Winston and Mariota are two of the most compelling figures in recent college football history, and it would only be fitting if they were to square off in the Championship Bowl.

Both QBs have overcome issues on the offensive line to still produce on a weekly basis and have shown extraordinary on-field leadership, but they have starkly different playing styles.

While Mariota runs a quick-strike spread attack, Winston is well-versed in pro-style principles and has a lot more responsibility due to the complexity of the Seminoles offense.

But that isn't to say that Mariota isn't smart or a good decision-maker. In fact, he's probably better than Winston in that regard, evident in Winston's 11 interceptions to Mariota's phenomenal 29-2 touchdown-to-interception ratio.

Oregon coach Mark Helfrich noted how well the Ducks have responded since Mariota became more of a vocal leader this year, per The Associated Press' Ralph D. Russo, via NCAA.com:

After every play he had to say something to somebody. Great snap. Great route. We did that with Marcus just to get everything going. He is such a good guy it was vastly positive. And it grew into where he could push guys and subtly demand things in a great way. His credibility as a leader in our program is awesome.

In what would likely be a shootout for the ages, Florida State's epic winning streak would finally come to an end, thanks to Mariota, rather than Winston, taking center stage for late-game heroics.

The superiority of Oregon's ground game, combined with cornerback Ifo Ekpre-Olomu doing a passable-enough job on senior Seminoles star receiver Rashad Greene, will be enough to deliver the national championship to the Ducks.

Prediction: Oregon 42, Florida State 38

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Clemson Football: Ranking the Top 5 Freshman Seasons in Tigers History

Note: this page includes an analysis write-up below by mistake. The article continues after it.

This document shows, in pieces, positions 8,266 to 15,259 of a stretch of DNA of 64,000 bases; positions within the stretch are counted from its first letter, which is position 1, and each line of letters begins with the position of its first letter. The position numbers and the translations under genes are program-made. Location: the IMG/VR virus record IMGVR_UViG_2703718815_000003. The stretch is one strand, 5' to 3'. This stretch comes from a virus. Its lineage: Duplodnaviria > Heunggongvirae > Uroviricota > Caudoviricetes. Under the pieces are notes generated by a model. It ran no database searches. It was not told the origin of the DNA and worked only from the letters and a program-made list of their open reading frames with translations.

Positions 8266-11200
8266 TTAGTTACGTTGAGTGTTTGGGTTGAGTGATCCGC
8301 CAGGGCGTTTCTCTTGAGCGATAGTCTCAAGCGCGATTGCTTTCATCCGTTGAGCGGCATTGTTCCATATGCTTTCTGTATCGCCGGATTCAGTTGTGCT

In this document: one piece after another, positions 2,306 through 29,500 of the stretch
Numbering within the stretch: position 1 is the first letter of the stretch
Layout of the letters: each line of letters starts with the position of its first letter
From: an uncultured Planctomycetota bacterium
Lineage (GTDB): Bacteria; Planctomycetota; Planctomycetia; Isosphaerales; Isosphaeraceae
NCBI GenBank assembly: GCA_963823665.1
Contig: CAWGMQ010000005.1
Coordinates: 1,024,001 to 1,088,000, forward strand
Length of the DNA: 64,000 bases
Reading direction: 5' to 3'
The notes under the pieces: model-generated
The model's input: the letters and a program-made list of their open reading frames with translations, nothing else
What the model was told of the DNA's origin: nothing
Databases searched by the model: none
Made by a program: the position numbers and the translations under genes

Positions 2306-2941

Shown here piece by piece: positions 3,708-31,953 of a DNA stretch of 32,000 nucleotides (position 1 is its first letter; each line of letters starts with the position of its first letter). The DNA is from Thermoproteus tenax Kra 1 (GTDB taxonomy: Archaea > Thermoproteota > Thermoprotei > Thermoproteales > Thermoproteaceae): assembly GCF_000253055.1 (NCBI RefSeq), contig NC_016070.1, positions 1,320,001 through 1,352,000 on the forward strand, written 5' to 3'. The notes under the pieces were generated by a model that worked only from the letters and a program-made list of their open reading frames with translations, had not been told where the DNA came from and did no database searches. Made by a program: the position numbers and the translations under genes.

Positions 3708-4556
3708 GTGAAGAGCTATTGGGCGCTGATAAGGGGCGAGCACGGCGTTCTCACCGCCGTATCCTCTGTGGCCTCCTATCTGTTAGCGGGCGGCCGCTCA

We are a few days away from the return of Clemson quarterback Deshaun Watson, but let’s first take a step back and examine the best freshman seasons in school history. Does Watson—who has 12 touchdowns despite missing almost four games—have the numbers to make an argument for one of the best freshman seasons?

I have put together a list of five Tigers who were impressive in their freshman seasons, ranked from least impressive to most impressive. Let’s start the list.

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Everett Golson Finally Feeling the Pressure of Being Notre Dame Quarterback

Welcome to Notre Dame, Everett Golson.

That's likely what this week feels like for Notre Dame's senior quarterback. And while Golson has been in South Bend for a long time—a redshirt season after enrolling early in 2011, a national title game run in 2012 and the much-discussed academic sabbatical in 2013—only now, after his recent struggles, does Golson really know what it feels like to be the quarterback at Notre Dame. 

Never mind that Golson's second year as a starting quarterback is actually one of the more statistically impressive seasons in the country. Sure, he's ninth in the country in total offense and fourth in points responsible for. But nobody cares about that. 

Not when all people can talk about is his 17 turnovers in the past five games, with the Irish quarterback rightfully wearing the collar for Notre Dame's "Debacle in the Desert," a five-turnover nightmare that saw the Irish give up 28 straight points in just under eight dubious first-half minutes to fall into a 31-3 hole they could never dig out from. 

Even with a gaudy 17-3 record as a starting quarterback, Golson finally now knows what it feels like to be in a doghouse that's been custom-built by Irish fans for the team's starting quarterback.

After housing Tommy Rees the past three seasons and Dayne Crist before that, perhaps Golson can now carve his name into the wooden beam (like Brooks and Red in The Shawshank Redemption), joining names like Jimmy Clausen, Brady Quinn, Carlyle Holiday, Gary Godsey, Matt LoVecchio and Jarious Jackson, ad infinitum. 

That's playing quarterback for the Irish. And it's something I asked Rees about on Wednesday.